The Treasury is expecting the Government to take on $5 billion more in debt than it had previously expected over the next four years to help it cover the costs of new spending.

In its half-yearly economic and fiscal update in December, Treasury expected the Government to owe roughly $63.5 billion by the end of the 2023 financial year.

But Treasury figures, released in the 2019 Budget, showed the amount of debt the Government was now expecting to take on over the same period has jumped to just under $68.5 billion.

However, as a proportion of GDP, the Government's debt level is still expected to remain below its self-imposed debt limit of 20 per cent.


According to the Treasury's Budget analysis, the increase in debt "reflects new spending decisions".

The Government increased its spending by $25 billion across the next four years, according to Budget figures.

Big ticket items in this year's Budget include $1.9 billion for mental health and addiction support and $1 billion for KiwiRail.

The surplus for this year was $3 billion but it is expected to fall to $1.3 billion next year.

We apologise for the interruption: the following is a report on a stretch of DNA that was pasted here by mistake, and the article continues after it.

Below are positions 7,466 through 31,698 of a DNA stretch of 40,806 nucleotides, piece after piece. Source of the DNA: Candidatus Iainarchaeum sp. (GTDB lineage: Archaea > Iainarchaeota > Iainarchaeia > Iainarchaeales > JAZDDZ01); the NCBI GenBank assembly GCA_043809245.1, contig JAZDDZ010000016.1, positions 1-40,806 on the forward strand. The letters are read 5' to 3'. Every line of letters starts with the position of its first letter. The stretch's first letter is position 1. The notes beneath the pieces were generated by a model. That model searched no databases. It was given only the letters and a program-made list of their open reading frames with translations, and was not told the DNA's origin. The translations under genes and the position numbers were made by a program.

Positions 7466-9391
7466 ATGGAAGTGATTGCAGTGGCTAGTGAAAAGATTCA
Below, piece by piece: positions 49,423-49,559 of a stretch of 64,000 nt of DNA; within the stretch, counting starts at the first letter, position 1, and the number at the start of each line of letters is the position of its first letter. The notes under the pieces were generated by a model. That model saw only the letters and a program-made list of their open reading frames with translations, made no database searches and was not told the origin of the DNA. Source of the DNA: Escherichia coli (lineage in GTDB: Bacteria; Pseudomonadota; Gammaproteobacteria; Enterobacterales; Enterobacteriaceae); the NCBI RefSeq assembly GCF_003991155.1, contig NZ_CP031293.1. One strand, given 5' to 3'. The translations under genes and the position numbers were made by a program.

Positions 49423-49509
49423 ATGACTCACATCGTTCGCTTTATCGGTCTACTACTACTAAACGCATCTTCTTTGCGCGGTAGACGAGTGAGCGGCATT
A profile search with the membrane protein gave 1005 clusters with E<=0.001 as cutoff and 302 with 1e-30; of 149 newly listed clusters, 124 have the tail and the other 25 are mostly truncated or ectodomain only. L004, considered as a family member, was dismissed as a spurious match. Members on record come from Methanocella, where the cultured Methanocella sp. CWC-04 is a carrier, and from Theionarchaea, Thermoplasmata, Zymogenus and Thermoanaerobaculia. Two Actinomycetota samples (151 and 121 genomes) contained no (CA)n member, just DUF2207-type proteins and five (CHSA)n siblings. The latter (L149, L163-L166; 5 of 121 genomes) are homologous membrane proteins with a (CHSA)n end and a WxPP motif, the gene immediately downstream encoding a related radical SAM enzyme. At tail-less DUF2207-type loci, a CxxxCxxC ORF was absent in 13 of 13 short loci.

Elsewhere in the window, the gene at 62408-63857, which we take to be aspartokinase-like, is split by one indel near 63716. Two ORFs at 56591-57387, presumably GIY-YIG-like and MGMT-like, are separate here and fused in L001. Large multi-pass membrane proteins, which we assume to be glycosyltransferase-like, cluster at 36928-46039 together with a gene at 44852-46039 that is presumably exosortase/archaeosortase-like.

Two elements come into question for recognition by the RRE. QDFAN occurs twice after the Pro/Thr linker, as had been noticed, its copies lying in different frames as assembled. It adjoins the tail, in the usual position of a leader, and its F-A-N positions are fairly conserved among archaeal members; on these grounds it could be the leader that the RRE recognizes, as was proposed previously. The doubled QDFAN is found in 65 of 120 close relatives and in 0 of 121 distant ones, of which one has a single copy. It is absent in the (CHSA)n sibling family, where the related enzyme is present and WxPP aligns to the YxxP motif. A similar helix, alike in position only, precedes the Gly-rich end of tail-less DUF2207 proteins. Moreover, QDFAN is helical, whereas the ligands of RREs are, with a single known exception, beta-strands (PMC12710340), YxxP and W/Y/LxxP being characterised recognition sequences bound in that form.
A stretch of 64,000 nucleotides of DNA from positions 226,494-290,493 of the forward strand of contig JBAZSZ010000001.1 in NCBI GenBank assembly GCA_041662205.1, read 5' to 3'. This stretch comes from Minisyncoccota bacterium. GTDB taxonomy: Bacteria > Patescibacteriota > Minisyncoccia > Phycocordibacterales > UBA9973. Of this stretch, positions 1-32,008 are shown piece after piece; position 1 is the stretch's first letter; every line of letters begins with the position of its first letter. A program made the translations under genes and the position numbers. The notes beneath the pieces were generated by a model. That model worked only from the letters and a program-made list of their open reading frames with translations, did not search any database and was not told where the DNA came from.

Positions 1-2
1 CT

Independent economist Cameron Bagrie has raised questions around how sustainable the spending increase is.

"If spending continues at the current pace the books will be in the red in two to three years," he said, predicting a return to a deficit.

Speaking at the post-Budget breakfast on Friday, Finance Minister Grant Robertson said although it was lower, it was "still a sustainable surplus".

"I make no apologies for the fact that we have got a lower surplus coming in for next year because we are investing.


"We're doing the very thing that people are asking for, which is to say we need to do some work from a fiscal policy point of view to stimulate the economy."

He also said New Zealand's level of debt is low compared with other countries.

At just over 20 per cent, New Zealand is a long way off the likes of Japan, which has a debt-to-GDP ratio of more than 200 per cent.

Both the US and the UK have a ratio closer to 80 per cent.

As part of its fiscal responsibility rules, the Government agreed to get net Government debt to 20 per cent of GDP by 2022.

Treasury's numbers show it is on track to do this.


But in a pre-Budget speech, Robertson said from 2022 onwards, the Government would shift to a range of around 15 to 25 per cent of the GDP.